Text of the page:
Shield Breakdown: Grocery Shopping Safety During Quarantine


As we get closer to a possible reopening of the Finger Lake region, it is extremely important for the citizens of Rochester to adhere to CDC and local regulations to stop the spread of COVID-19. Local businesses must match this effort in order to provide a seamless, and safe, return to relative normalcy. Leading this front should be our local grocery stores, whose goods are necessities for all community members.

With this in mind, I set out to provide a comprehensive analysis of the safety practices of local grocery stores and how closely they adhere to the CDC’s guidance on operations for essential stores during the COVID-19 pandemic. [Ed. Note—We were assured that the reporter followed all necessary safety precautions on these visits.]

The report ranks grocery stores based on their compliance with specific regulations and each store earns a point for each practice they follow.



Wegmans (7)

The obvious local favorite, Wegmans met more of the safety regulations than any other store included in this report. Most notably, their online program makes it easy to get groceries delivered, receive contactless curbside pickup, or at least plan out the items you are going to buy in order to spend less time in the physical store. The ease of use in their online ordering system encourages people to stay out of the physical store, providing more safety than any other techniques reported. The store recognizes this option may not be possible for everyone and still strives to keep their stores as clean as possible. Every single employee had a mask on and they had expansive plastic partitions at checkout, much larger than any other stores. 

Walmart (5)

Walmart seemed to mostly benefit from the massive size of their stores. Customers are practically forced to social distance because of how many aisles the store has, as well as the ample space within them. Other than this, they seemed to hit average practices, putting in some effort but not going above and beyond. All employees were wearing face masks and there were plenty of tape floor markers, yet people seemed to pay no attention to them. Self-checkout lanes and in-person checkout lanes were all cramped, and people still waited in close proximity, not to mention how close the registers were to each other: cashiers were barely six feet apart, let alone the customers. The checkout areas seemed to be their weakest point.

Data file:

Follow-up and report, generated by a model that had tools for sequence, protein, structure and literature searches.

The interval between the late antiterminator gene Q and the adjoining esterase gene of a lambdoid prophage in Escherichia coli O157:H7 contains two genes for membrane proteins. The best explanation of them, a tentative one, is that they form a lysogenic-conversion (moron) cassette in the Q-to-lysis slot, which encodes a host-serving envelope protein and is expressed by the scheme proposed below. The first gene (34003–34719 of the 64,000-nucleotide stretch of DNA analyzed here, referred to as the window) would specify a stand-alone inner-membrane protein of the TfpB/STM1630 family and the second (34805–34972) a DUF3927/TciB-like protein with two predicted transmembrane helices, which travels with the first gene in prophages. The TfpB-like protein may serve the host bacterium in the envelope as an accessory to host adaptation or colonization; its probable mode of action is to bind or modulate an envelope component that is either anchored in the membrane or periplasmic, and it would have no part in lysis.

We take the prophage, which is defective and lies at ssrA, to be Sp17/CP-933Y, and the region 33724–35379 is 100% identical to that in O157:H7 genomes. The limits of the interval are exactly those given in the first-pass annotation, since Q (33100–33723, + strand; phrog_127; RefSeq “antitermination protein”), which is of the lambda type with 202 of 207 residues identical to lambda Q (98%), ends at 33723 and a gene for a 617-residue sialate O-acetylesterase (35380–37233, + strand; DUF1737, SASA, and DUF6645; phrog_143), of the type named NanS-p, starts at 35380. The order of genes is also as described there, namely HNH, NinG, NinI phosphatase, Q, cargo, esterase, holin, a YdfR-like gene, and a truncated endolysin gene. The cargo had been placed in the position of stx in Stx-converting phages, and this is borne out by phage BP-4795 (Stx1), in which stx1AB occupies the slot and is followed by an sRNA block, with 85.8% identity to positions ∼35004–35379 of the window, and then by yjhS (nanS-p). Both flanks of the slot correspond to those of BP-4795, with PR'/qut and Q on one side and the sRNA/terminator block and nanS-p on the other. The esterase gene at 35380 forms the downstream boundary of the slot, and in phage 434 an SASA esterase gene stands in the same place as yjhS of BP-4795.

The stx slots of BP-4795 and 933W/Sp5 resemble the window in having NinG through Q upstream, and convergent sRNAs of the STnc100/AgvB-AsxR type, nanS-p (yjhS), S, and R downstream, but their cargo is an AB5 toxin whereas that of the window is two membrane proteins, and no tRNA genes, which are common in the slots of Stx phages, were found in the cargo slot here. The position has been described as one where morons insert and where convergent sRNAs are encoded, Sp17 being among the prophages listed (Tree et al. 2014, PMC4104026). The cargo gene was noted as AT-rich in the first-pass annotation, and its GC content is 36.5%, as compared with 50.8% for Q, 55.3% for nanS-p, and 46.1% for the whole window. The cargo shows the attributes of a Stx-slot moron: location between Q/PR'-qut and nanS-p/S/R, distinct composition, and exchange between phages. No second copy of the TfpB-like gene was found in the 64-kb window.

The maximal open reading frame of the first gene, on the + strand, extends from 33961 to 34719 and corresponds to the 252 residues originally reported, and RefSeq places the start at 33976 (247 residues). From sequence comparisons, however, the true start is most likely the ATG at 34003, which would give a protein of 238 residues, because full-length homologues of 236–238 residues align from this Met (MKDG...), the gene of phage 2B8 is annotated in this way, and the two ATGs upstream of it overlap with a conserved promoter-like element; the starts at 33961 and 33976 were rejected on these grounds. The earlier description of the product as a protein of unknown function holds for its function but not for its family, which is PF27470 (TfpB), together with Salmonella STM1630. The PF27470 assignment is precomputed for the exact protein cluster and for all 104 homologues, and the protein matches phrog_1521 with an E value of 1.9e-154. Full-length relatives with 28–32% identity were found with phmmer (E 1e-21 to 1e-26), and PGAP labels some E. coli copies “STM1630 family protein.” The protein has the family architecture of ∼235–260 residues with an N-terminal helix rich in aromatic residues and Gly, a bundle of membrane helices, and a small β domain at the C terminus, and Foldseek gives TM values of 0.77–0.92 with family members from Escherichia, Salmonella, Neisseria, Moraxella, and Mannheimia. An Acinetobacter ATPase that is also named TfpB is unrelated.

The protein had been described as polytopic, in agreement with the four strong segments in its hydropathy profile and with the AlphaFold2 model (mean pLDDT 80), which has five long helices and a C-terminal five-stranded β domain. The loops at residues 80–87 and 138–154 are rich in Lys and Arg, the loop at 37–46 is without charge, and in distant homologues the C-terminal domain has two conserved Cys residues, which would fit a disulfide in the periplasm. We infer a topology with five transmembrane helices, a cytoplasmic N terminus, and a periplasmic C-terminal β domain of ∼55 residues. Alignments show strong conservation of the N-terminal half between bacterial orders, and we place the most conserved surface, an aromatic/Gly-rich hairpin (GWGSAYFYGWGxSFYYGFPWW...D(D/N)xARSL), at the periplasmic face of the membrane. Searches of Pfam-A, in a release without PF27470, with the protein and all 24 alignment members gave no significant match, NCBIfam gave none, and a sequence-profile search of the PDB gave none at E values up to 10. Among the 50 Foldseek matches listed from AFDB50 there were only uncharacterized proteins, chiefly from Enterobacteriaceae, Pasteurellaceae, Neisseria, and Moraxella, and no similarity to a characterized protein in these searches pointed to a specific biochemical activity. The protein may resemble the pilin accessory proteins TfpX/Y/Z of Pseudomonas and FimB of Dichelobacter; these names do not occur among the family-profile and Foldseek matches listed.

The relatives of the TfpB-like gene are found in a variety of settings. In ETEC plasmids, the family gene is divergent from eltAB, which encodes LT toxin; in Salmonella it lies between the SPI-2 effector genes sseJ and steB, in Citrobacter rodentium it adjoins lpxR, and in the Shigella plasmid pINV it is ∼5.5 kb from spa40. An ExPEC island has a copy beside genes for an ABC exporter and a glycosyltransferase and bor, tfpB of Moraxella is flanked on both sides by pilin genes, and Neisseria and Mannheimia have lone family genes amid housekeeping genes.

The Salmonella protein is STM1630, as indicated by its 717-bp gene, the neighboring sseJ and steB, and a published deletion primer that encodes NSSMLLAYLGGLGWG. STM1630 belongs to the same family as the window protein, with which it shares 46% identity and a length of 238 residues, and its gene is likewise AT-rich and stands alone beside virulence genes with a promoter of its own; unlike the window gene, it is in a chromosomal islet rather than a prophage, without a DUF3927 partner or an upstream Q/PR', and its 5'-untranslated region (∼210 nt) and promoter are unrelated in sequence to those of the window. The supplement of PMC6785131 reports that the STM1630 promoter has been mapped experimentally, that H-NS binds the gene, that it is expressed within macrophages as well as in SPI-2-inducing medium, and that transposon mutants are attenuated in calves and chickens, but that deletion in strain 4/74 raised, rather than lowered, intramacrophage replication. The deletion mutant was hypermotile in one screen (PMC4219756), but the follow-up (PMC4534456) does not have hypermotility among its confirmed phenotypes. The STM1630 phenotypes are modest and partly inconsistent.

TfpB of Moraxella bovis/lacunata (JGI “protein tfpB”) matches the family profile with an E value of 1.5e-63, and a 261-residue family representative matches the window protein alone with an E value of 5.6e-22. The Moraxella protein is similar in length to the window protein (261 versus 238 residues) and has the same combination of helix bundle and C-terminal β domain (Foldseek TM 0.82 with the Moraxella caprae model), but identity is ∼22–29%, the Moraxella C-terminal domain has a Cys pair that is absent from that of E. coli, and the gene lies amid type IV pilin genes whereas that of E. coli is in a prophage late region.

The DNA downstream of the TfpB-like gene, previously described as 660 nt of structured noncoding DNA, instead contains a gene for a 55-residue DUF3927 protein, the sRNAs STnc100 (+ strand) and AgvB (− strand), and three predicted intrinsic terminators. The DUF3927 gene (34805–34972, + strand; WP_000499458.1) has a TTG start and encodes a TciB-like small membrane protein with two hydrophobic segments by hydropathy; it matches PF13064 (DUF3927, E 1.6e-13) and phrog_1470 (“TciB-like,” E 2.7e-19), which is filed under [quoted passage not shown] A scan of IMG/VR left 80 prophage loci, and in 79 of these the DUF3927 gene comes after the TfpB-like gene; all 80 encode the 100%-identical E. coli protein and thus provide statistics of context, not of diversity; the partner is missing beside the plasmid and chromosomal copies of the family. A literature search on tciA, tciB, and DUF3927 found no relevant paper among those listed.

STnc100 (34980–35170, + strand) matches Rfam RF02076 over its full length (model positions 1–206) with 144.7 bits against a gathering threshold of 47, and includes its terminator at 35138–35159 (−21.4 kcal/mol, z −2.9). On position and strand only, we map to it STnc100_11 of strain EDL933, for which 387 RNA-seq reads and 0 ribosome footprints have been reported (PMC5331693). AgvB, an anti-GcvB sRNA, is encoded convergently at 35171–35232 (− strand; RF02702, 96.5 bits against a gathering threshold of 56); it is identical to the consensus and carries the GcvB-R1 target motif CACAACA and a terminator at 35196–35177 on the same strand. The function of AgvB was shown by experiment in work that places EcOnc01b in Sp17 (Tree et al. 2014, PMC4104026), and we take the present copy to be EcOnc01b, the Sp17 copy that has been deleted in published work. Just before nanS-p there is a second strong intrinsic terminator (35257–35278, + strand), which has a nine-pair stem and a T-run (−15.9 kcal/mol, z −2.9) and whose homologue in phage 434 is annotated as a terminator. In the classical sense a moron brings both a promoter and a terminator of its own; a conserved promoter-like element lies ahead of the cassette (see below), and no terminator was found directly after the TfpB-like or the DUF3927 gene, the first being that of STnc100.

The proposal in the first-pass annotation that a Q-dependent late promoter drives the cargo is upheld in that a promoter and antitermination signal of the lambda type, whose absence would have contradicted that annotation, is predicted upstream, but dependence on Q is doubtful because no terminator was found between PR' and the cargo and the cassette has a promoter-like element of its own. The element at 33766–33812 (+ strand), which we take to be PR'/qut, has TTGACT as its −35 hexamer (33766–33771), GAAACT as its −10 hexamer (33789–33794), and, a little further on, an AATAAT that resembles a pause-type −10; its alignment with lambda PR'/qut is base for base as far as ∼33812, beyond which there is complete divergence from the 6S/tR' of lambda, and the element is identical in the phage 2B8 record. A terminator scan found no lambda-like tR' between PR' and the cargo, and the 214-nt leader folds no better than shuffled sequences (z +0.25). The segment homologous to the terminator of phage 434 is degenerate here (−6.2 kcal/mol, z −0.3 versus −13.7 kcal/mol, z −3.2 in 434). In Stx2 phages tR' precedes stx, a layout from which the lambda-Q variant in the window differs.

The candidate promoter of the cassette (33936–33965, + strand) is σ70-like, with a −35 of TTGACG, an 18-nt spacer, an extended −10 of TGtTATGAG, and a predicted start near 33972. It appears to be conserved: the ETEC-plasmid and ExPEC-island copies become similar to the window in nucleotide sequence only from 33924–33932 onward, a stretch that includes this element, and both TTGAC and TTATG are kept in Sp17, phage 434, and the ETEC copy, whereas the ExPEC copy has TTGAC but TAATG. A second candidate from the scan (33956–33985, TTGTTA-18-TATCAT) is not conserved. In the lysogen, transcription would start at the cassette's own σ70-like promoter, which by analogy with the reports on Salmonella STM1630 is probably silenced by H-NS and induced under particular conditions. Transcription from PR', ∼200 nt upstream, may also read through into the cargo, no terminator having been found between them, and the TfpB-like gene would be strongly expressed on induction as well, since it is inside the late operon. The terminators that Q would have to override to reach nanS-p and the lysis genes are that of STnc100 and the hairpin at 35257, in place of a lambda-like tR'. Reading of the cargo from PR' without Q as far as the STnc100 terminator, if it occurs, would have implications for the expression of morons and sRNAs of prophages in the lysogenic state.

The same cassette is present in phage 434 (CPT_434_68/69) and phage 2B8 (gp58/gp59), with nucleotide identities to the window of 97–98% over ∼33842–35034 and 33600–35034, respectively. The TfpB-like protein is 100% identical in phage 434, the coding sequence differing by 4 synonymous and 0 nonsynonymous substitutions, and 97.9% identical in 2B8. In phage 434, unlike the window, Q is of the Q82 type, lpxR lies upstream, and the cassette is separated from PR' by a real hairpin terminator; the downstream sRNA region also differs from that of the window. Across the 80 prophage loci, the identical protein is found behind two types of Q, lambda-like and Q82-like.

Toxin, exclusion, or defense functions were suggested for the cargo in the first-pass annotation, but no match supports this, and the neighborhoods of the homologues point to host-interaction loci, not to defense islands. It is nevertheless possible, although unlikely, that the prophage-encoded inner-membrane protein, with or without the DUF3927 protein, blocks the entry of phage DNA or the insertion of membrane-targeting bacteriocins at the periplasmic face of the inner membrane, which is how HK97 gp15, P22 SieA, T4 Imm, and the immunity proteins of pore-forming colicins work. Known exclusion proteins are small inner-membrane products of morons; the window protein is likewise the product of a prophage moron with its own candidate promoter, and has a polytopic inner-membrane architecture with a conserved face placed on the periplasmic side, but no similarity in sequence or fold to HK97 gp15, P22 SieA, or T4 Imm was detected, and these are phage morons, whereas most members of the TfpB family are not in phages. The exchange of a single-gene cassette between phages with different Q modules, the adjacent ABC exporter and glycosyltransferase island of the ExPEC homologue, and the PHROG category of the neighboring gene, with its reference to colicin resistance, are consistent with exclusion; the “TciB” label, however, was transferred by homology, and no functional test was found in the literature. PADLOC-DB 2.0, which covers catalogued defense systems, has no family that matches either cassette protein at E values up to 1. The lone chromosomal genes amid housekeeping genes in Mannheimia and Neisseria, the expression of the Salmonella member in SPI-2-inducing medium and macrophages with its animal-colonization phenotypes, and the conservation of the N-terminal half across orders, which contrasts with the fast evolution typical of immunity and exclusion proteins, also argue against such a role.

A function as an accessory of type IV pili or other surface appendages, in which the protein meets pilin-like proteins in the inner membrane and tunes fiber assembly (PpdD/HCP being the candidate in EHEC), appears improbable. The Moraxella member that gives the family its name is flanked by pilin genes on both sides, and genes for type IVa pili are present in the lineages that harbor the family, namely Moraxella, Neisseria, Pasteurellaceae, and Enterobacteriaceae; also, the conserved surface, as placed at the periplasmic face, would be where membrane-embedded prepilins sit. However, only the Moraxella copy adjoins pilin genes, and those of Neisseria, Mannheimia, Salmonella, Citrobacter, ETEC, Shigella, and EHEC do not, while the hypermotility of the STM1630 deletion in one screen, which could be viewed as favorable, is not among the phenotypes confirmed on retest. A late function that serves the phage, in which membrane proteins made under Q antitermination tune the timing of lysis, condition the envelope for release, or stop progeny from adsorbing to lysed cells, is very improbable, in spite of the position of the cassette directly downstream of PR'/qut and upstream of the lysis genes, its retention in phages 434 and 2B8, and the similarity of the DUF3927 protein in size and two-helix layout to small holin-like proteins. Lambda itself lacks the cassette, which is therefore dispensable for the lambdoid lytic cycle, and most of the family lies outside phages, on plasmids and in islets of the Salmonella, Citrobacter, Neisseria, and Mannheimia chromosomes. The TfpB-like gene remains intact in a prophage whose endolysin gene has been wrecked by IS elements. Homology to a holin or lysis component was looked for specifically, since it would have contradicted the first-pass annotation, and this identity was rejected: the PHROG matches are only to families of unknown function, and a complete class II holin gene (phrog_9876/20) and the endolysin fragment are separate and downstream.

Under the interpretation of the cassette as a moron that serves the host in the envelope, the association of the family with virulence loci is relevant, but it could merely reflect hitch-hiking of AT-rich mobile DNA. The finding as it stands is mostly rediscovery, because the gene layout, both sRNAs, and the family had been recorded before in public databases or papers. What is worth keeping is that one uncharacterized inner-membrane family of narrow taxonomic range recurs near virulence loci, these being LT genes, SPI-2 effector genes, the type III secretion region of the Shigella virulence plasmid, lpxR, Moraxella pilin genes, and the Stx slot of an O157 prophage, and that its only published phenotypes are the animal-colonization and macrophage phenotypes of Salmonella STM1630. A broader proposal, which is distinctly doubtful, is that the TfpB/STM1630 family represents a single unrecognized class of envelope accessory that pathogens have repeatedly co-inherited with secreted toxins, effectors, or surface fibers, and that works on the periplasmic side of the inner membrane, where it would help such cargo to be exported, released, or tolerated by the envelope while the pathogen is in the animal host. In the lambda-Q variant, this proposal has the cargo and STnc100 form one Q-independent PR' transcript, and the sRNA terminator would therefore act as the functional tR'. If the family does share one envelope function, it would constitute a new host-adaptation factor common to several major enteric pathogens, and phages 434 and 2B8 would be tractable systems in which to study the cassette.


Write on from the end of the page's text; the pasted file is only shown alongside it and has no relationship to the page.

Target (4)

Tied for third place, Target seems to do the bare minimum required by the CDC. Once again, the store benefits because of its large footprint and low traffic. There just aren’t that many customers to come in contact with in the first place. The plastic dividers at the checkout counter are extremely small, and the cashiers negate any benefit they may provide when they peek around and place your change and receipt right into your hand. One positive, however, is that they do wipe down the credit card readers after every customer, but if you use contactless payment like Apple Pay, this affords you no benefit. It would serve them much better to wipe down the conveyor belt like the CDC recommends.

Trader Joe’s (4)

Although they earned the same number of points, Trader Joe’s earned that from having a very small store as well as a long wait time. The small store makes in functionally impossible to stay six feet away from other customers. Even if you managed to dodge other patrons, you would be forced into proximity with the cashier, and you have nothing but the equivalent of a laminated sheet of paper standing between you and a potential carrier. Once again, the store’s plastic shields are too small to stop any air travel.

Tops (2)

Last and certainly least, Tops seemed to put no effort into safety of their staff or patrons. Employees were wearing masks on their chin which, contrary to some beliefs, provides no public health benefit. They had no system to prevent overcrowding in their store, and it showed. The store was heavily populated, which caused people to be forced together. The checkout lanes were way too close, even though they had more than half of the registers closed. They had tape to encourage social distancing in the checkout lanes, but the demand was too high for their staff, causing lines to be six or seven customers deep, rendering social distancing impossible.